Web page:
1) A whole bunch of resistors
2) A spare DC adapter that's at least 600mA
3) Some PC board
4) A soldering iron
5) Wires
6) A method of cutting the PC board
7) A multimeter
8) Six IR LEDs (transmitters, not receivers)

To start with, know what you're imitating. You can see a video of it in action or look at a more detailed picture, or if you have the tools you can take apart your sensor bar. Basically, that annoying wire is only for power and nothing more, which is why we can get rid of it without problem.

Before going to your local Radio Shack or what have you for supplies, check the power adapters you have. Find one with the correct amperage, and check the voltage to know what resistors to pick up. Remember those electrical engineering classes from middle school that you never figured you'd use? Yeah, me either. Luckily, Buffer took some of those classes in college. Bug him if you want to know about the resistors and circuit setup. That stuff is beyond me.

Now, these instructions are a basic guide, not a step by step howto. I will include some notes though, as to why we did what we did. These notes are important because you'll see some differences between your sensor bar and ours. The first of which is that we used 6 LEDs while the original uses 10. This is for two reasons: First, the LEDs we got are high intensity, so we don't need as many of them, and second, because finding a power adapter above 600mA that isn't in use by your router is kind of tough (the LEDs are 100mA each). The one we used was from an ancient computer speaker set by Cyber Acoustics.

Now then! Build your circuit. Remember, you want to power the LEDs without blowing them. This means lowering the voltage with the resistors down to a level that's safe for 6 LEDs to function. If you're sloppy with the solder, it's safe to have an extra 10ish volts. Solder isn't the best conductor, and will impede the flow a tad. You want to have the circuit have both a positive and negative lead on two sides, to power two sets of three LEDs.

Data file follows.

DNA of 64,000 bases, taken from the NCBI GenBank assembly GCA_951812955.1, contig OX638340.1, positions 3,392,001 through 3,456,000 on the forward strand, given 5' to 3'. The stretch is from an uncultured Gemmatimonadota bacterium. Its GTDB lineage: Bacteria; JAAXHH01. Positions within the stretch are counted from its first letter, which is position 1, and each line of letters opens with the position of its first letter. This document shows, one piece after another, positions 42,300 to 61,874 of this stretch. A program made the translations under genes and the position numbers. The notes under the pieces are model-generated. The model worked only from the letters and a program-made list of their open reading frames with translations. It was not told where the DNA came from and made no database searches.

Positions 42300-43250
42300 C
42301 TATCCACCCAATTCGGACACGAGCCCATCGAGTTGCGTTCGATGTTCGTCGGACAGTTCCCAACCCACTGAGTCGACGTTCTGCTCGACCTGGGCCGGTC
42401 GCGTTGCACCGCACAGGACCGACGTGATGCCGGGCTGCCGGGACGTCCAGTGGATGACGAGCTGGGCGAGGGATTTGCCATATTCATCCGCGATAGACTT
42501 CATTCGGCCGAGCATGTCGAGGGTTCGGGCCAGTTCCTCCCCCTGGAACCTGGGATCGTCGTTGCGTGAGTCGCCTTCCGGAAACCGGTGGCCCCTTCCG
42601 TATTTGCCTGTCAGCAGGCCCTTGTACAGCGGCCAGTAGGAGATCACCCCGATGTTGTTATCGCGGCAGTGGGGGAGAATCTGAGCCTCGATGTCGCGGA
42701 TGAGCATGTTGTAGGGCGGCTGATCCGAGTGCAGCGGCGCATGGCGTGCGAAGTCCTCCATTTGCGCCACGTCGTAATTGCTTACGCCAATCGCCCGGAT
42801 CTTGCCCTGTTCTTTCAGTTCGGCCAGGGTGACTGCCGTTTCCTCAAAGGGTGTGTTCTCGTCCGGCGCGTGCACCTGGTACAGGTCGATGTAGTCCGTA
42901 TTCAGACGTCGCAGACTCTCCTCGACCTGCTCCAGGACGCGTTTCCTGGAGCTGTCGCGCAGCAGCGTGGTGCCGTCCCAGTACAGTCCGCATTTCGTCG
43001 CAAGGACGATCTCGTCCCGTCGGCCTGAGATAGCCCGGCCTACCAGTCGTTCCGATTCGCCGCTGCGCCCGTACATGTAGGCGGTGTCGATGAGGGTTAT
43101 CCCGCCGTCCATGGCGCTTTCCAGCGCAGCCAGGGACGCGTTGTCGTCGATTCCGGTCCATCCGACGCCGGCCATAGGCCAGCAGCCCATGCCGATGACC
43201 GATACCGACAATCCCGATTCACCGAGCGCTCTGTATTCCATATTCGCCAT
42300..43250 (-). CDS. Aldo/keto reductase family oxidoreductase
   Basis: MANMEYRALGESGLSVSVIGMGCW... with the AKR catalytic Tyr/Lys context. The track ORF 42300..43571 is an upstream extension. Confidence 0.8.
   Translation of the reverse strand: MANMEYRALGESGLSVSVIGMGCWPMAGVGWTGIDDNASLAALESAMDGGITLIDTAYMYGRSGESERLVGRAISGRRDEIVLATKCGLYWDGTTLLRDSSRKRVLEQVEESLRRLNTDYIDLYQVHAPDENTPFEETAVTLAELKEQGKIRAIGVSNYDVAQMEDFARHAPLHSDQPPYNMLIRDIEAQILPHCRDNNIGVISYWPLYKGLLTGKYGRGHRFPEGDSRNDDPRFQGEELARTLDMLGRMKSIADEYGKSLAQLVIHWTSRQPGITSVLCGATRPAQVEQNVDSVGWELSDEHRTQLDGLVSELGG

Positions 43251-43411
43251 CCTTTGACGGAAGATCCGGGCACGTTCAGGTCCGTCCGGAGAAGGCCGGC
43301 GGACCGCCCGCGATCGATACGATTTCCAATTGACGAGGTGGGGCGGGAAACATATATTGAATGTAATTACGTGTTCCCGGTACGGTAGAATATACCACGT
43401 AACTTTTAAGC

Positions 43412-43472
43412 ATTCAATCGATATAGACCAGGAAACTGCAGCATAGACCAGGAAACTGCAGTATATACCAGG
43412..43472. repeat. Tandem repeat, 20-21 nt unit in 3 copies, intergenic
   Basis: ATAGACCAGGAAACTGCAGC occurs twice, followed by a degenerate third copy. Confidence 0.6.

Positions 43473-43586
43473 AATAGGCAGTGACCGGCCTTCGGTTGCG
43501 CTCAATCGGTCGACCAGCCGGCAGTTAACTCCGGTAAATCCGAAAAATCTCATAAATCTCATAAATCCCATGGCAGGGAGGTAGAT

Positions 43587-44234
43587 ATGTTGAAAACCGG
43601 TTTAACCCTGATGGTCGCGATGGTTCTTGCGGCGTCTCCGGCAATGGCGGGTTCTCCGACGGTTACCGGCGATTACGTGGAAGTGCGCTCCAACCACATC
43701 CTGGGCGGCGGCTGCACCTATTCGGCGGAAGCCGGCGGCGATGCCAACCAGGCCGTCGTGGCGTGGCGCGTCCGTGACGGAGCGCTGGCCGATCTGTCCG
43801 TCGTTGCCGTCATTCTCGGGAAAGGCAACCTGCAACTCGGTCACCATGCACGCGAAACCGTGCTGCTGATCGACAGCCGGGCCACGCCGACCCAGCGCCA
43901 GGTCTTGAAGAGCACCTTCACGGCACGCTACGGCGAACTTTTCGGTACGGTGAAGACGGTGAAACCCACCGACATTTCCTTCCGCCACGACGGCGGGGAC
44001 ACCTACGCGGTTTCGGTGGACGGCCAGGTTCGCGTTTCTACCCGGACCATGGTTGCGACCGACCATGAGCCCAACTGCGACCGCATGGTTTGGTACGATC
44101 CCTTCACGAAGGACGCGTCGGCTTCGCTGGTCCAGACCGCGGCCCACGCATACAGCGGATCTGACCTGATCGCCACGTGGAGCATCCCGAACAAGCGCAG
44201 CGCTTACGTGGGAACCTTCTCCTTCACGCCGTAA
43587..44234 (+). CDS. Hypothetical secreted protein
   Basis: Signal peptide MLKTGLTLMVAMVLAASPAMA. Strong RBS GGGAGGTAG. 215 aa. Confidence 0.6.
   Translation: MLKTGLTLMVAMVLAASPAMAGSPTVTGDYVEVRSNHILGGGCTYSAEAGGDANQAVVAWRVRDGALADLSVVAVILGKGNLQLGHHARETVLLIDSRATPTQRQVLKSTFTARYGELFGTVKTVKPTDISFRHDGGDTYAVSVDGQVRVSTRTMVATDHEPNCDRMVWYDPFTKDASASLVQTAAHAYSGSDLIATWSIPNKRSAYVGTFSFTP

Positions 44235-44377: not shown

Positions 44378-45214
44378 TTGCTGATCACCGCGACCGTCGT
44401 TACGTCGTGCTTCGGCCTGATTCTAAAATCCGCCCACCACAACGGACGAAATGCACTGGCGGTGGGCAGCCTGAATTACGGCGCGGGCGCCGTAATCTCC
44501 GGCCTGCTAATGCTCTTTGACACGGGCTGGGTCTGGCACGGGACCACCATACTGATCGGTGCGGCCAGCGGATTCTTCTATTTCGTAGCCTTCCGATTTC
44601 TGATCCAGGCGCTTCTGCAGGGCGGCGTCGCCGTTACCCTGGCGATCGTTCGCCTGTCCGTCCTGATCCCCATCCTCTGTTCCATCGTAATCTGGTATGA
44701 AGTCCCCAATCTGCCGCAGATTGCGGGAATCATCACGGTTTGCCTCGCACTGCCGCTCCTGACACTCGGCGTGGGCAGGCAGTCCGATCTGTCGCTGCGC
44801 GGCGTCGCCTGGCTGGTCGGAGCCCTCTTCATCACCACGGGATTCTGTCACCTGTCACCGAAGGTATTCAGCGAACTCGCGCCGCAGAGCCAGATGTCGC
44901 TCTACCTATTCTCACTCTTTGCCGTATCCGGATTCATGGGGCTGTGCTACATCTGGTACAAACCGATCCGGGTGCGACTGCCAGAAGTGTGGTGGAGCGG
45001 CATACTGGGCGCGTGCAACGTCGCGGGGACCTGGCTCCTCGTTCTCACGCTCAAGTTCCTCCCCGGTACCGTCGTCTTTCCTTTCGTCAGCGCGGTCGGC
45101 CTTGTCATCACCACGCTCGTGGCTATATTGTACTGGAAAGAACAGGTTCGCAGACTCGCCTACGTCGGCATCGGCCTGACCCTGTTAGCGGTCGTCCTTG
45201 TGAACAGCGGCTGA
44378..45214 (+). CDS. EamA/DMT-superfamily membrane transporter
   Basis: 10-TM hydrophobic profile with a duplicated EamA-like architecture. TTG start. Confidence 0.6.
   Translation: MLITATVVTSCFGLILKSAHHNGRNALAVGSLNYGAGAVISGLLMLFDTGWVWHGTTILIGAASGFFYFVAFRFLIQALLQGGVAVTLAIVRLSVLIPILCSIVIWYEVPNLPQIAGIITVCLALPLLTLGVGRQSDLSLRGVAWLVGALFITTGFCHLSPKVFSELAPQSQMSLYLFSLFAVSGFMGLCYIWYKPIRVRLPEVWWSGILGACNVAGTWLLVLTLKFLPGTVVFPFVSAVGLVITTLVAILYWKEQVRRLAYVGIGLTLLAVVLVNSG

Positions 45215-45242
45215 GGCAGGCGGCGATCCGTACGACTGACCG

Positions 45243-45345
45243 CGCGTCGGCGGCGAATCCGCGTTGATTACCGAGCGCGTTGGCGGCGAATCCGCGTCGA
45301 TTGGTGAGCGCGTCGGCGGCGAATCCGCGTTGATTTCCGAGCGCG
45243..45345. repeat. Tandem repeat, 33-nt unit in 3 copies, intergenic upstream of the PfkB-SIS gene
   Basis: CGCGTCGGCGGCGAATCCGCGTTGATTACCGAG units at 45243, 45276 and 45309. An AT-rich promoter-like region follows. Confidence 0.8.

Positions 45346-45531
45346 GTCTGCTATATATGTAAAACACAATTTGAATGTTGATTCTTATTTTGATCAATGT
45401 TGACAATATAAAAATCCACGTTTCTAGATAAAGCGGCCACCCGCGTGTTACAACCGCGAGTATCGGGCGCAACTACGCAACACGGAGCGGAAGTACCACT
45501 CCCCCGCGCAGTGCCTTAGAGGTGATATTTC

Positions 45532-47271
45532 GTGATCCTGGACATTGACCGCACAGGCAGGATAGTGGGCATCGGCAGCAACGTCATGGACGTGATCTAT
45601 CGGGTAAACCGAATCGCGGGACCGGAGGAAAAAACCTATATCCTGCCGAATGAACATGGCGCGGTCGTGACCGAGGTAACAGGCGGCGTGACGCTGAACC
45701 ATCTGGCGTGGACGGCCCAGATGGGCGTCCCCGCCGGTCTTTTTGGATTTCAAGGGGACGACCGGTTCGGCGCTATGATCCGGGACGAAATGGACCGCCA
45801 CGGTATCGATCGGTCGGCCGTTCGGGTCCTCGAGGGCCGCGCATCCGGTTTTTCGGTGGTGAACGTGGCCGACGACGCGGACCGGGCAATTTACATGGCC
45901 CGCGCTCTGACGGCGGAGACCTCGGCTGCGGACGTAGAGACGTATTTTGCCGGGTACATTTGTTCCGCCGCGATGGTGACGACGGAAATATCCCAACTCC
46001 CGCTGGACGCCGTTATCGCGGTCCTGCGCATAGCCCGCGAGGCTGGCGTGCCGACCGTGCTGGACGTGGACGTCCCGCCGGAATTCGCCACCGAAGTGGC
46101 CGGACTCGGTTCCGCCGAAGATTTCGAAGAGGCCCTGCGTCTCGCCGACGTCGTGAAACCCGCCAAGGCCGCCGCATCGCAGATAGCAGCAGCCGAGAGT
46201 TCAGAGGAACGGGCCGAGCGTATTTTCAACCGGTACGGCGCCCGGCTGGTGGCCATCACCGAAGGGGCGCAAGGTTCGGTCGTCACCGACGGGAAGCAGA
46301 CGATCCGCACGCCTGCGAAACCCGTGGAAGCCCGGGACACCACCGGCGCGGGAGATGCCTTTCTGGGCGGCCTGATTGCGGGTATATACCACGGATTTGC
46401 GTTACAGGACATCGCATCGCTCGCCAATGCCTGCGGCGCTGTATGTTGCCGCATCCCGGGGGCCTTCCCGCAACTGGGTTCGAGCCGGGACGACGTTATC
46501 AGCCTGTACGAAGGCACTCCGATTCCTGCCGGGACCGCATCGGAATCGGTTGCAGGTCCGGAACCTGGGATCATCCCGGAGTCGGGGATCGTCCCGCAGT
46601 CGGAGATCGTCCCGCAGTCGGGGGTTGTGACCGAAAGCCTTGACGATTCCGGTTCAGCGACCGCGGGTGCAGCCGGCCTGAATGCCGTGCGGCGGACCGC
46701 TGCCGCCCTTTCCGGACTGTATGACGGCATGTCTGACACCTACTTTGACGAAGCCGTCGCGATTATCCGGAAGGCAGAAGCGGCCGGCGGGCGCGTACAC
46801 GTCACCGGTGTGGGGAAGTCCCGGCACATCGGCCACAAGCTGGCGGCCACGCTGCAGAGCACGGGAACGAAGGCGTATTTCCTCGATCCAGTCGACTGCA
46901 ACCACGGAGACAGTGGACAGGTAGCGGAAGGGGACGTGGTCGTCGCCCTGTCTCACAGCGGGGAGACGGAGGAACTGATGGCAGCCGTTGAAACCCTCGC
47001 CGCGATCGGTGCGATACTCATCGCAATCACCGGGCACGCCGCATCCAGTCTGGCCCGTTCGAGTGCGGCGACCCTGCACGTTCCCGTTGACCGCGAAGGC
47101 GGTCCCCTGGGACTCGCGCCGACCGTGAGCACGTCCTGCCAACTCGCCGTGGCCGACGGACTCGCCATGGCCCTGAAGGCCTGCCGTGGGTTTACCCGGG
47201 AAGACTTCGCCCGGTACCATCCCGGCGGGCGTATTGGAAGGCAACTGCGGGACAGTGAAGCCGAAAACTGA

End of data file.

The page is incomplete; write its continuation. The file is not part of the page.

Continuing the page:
Got that finished? Great! Hey, I said this was a guide, not a step by step. Quitcherbitchin. Now wire up three LEDs on a piece of PC board (you can cut these pieces in advance, look at the pictures of our finished product for an idea) and combine the positive leads to one side and the negative leads to another. Hook them up to one side of the circuit. At this point you can test and see if your device works at all by soldering on the power cable and plugging it in. Put your Wii in sensor bar sensitivity mode and point the wiimote at your IR setup. If you see a dot on the screen, you've done something right. If you see three dots, you're either holding the wiimote too close or your LEDs are too far apart. Check it against your original sensor bar for an idea of what it should look like.

If all works well, get the other LEDs mounted and wired. You can now use electrical tape to mount the setup or encase it in something nice, but all you need is a nearby outlet. No more having to string the sensor bar wire across the room just to shoot a bow in Zelda.

top

Playing with our Wiis

trmj trmj writes  |  about 8 years ago So a friend and I picked up a Wii at the midnight launch last night. We picked up the popular games, an extra wiimote and nunchuk, brought the whole lot home and dove right in. Almost 24 hours later, these are our first impressions of the system, the games, and the experience (in that order).

The console itself is heavy. Not something I've come to expect from Nintendo, with the 'cube and the 64 being so light. The overall look is very... Apple. ATi still has their sticker on the system, which I still say was the best marketing decision they ever made. The top opens nicely to hide controller slots for the classic controllers and/or GameCube controllers. Don't want your wires showing? Don't plug 'em in.